Firstly, oil beetles, or Meloidae to give them their correct family name, do not drink oil, are not attracted to it, and to those of you who think this might me a solution to all our decreasing oil supplies, I’m afraid you will be disappointed! I suppose they are named after their somewhat ‘oily’ black appearance. So what’s so interesting about oil beetles? Well, they have the most incredible and fascinating life cycle. After the females emerge and mate in the spring, they dig burrows in the soil where they lay eggs. These then hatch into small active black larvae which emerge to climb nearby plant stems to sit in wait on flower heads. As a solitary bee alights on the flower to collect pollen, the larvae are quick to attach themselves with their strong claws to the body of the unsuspecting bee. The bee then flies off back to its nest where the oil beetle larvae detach themselves to gorge on the bee’s stored pollen and eat the bee’s own eggs! The beetles stay and develop in the nest until they emerge as adults the following spring. So oil beetles are nest parasites on not just any old bee, but only on solitary bees, i.e. species which do not make communal nests such as bumblebees and honeybees do. Oil beetles are now rather scarce in the UK, which is not surprising really, with an 80% decline in our bee populations through loss of wildflower areas in just the last 100 years! Four of our eight native species of oil beetles were Violet oil beetle (Meloe violaceus) © John thought extinct, although one species has just Walters been re-discovered in South Devon in 2012 after over a 100 year gap! Two of our remaining four species are rare, which just leaves the two which are more widespread. However, these are still extremely local in their distribution, and it is always a rare delight to actually see one. The one we are most likely to see in Wales is the Violet Oil Beetle Meloe violaceus which is quite large and can get grow up to an inch in length. If you are extremely lucky, this species can be found in meadow and woodland sites. In Radnorshire I have never seen one after over 20 years of looking! We only have three records of Violet Oil Beetle in Radnorshire, all recorded east of Aberedw, obviously a local ‘hotspot’ for this species. The earliest record is 1983, a dead one found in 1993 and a further dead one in 1995! Surely they occur in other areas of the county? For anyone who fancies a spring stroll around the small valleys, woodlands and hills around Aberedw, searching for oil beetles might just be the incentive you are looking for! Keep an eye open on the ground for these admittedly dull black beetles which are made fascinating by their life histories and scarcity. Of course I would be only too pleased for any new sightings (and photos). Good luck. (Buglife, the UK Invertebrate Conservation Trust, is still running a national Oil Beetle Hunt survey this spring. Further information and a very useful identification leaflet is available on their website: Phil Ward – Radnorshire beetle recorder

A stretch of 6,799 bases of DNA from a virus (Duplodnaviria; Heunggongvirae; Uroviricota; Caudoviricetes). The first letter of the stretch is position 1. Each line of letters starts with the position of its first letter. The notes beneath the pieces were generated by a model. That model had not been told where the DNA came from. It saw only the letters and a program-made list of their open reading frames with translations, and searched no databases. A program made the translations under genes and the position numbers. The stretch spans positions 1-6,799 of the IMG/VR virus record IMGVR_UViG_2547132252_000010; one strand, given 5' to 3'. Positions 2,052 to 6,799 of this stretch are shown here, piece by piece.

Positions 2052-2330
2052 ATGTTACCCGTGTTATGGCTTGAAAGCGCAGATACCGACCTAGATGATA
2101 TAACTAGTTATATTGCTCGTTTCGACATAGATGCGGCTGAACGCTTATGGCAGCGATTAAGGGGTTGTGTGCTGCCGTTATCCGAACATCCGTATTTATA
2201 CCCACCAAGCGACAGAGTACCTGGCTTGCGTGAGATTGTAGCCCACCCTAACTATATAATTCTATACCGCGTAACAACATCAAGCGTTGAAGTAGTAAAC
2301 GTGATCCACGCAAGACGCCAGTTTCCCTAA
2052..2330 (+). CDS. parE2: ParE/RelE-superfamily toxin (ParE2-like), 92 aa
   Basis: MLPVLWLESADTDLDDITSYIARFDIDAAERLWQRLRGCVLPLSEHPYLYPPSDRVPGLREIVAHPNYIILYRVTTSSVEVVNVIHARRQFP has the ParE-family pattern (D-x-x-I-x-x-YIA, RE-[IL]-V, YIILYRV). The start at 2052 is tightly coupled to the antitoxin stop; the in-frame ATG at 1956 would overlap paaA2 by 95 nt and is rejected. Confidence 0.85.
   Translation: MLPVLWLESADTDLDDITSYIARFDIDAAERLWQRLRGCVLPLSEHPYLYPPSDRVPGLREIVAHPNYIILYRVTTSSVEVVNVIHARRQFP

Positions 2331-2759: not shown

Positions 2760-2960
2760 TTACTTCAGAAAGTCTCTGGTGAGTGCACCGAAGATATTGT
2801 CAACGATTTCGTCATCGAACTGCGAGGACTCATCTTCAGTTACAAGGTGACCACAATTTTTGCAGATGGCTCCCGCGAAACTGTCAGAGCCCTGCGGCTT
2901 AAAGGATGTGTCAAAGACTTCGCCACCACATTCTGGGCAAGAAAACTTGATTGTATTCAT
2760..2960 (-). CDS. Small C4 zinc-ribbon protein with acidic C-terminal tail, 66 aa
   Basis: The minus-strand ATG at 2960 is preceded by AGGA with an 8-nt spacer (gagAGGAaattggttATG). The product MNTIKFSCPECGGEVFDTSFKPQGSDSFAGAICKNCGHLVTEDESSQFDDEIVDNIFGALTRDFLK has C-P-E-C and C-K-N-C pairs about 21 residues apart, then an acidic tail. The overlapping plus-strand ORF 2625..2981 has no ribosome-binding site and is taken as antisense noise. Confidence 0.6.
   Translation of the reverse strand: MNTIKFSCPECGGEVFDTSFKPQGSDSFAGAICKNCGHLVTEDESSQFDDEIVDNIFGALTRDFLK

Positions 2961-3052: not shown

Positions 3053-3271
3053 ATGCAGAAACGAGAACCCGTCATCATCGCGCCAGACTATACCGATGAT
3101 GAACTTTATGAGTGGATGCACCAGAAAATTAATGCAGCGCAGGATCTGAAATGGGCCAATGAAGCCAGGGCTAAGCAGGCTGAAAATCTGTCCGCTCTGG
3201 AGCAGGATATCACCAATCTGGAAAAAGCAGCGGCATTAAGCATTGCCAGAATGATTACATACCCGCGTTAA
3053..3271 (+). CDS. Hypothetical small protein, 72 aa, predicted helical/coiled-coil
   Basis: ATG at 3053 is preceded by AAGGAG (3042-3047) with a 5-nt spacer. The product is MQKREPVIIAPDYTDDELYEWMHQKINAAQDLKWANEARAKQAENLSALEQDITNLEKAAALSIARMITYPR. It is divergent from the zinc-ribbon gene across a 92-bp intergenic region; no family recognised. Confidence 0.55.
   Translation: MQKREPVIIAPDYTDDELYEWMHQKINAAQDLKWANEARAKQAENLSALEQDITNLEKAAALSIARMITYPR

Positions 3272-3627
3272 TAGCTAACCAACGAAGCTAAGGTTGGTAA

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Biodiversity Information Service Recorder Newsletter – Issue 15 –May 2013